So far the Deserter and his neocon henchman appear to be getting away with the absurd contention that they are mere victims of the CIA's faulty intelligence reports and therefore bear no responsibility for the criminal invasion of Iraq. Setting aside for a moment the mountain of evidence indicating that the neocons were the champions of Ahmed Chalabi's disinformation campaign and consistently attacked CIA analyses of Iraq's WMD capabilities that were distinctly equivocal, why shouldn't the Deserter and the neocons be held accountable for their failure to correctly interpret CIA analyses and adequately police the intelligence agencies? Why shouldn't the Deserter be held accountable for fully understanding that the CIA's case for Iraqi WMDs was weak (Deserter to Tenet in December 2002: "Is that all you've got?) but then going to war on the basis of Tenet's feckless "slam dunk" assurance?

Paul Craig Roberts is a conservative columnist at As best I can tell, there is little in the political sphere other than opposition to the Deserter's folly that Roberts and I agree on. But Roberts hits the nail on the head in his evaluation of whitewash report produced by the Senate Select Committee on Intelligence.

The only open question is whether President Bush was an active participant in the disinformation or was deceived like the American public. If he knowingly participated in the deception, he must be impeached. If he was deceived by his own appointees, why hasn't he fired them? Bush's reelection would signify that the American people lack the competence or character for self-rule.

The report from the Senate's Select Committee on Intelligence proves once again that government lacks the moral integrity to conduct an investigation. The senators did not bring responsibility to any individuals for a gratuitous invasion that has generated hatred of, and insecurity for, Americans for decades to come. Instead, the senators' report held accountable that which cannot be held accountable: "the process."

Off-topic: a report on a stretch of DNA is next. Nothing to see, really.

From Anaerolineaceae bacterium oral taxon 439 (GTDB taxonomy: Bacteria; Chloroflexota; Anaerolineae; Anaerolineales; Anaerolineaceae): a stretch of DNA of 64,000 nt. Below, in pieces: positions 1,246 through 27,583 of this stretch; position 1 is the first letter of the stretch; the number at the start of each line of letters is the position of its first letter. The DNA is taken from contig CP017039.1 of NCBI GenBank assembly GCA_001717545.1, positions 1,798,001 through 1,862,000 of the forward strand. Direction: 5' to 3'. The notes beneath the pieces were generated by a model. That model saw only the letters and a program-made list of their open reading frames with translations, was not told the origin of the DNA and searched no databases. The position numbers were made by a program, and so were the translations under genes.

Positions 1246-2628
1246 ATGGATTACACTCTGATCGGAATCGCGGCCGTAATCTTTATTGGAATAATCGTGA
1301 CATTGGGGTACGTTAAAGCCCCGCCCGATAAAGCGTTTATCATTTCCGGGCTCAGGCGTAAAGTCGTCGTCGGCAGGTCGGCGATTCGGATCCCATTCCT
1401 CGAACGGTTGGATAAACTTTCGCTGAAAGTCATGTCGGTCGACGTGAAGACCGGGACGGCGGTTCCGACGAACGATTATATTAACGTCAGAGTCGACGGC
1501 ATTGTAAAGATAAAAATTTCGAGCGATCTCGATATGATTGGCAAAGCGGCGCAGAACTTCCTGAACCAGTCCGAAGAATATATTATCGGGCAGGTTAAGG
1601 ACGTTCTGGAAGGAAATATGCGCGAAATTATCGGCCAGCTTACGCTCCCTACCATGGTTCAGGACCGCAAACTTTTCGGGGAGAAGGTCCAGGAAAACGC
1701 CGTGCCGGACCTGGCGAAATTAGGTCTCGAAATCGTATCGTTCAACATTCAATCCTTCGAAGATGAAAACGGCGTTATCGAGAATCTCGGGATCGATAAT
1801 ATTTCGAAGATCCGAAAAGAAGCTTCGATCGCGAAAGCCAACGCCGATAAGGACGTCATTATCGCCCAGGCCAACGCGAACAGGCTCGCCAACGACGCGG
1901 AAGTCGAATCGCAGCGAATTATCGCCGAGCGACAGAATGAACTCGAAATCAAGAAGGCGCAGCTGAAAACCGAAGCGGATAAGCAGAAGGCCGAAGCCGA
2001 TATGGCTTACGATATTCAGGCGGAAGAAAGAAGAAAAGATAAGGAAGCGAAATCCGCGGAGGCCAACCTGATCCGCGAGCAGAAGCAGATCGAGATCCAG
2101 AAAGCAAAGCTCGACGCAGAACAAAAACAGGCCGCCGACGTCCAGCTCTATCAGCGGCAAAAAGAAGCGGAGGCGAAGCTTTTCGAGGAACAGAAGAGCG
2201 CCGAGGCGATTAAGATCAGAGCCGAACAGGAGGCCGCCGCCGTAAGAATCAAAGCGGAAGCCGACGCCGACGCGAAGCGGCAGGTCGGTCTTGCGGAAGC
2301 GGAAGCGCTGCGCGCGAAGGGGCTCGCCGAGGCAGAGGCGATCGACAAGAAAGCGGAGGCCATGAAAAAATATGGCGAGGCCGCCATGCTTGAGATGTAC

November will tell us whether there is any moral integrity left in the electorate or whether nothing remains but partisan politics – my party right or wrong.
Roberts is absolutely correct: either the Deserter and the neocon criminals participated in the fraud or they were credulous and incompetent victims of it. Either way, the SSCI intelligence report damns the administration, and the Deserter's murderous gang must go.

Monday, July 12, 2004

"We're Not At The Forefront Of A Jihadist War Here"

American military officials have told the Associated Press that the insurgency in Iraq is backed primarily by Sunni revanchists, not foreign jihadists.

The Bush administration has long argued that the insurgency is primarily jihadist in nature, and that the jihadists have joined cause with a relatively small cadre of former Baathists. It has been known for some time that the Deserter and his flying monkeys were lying about the influence of the foreign jihadists and that the insurgency was primarily nationalist in nature. What was less clear was whether the nationlist insurgency was popular and broad based, or populated largely with Baathist recidivists. The Bush administration predictably argued that the indigenous insurgents were comprised of a fairly small number of Baathists. However, the military officials who spoke to the Associated Press had a quite different view, a view shared by many of the most informed observers of the Iraq situation.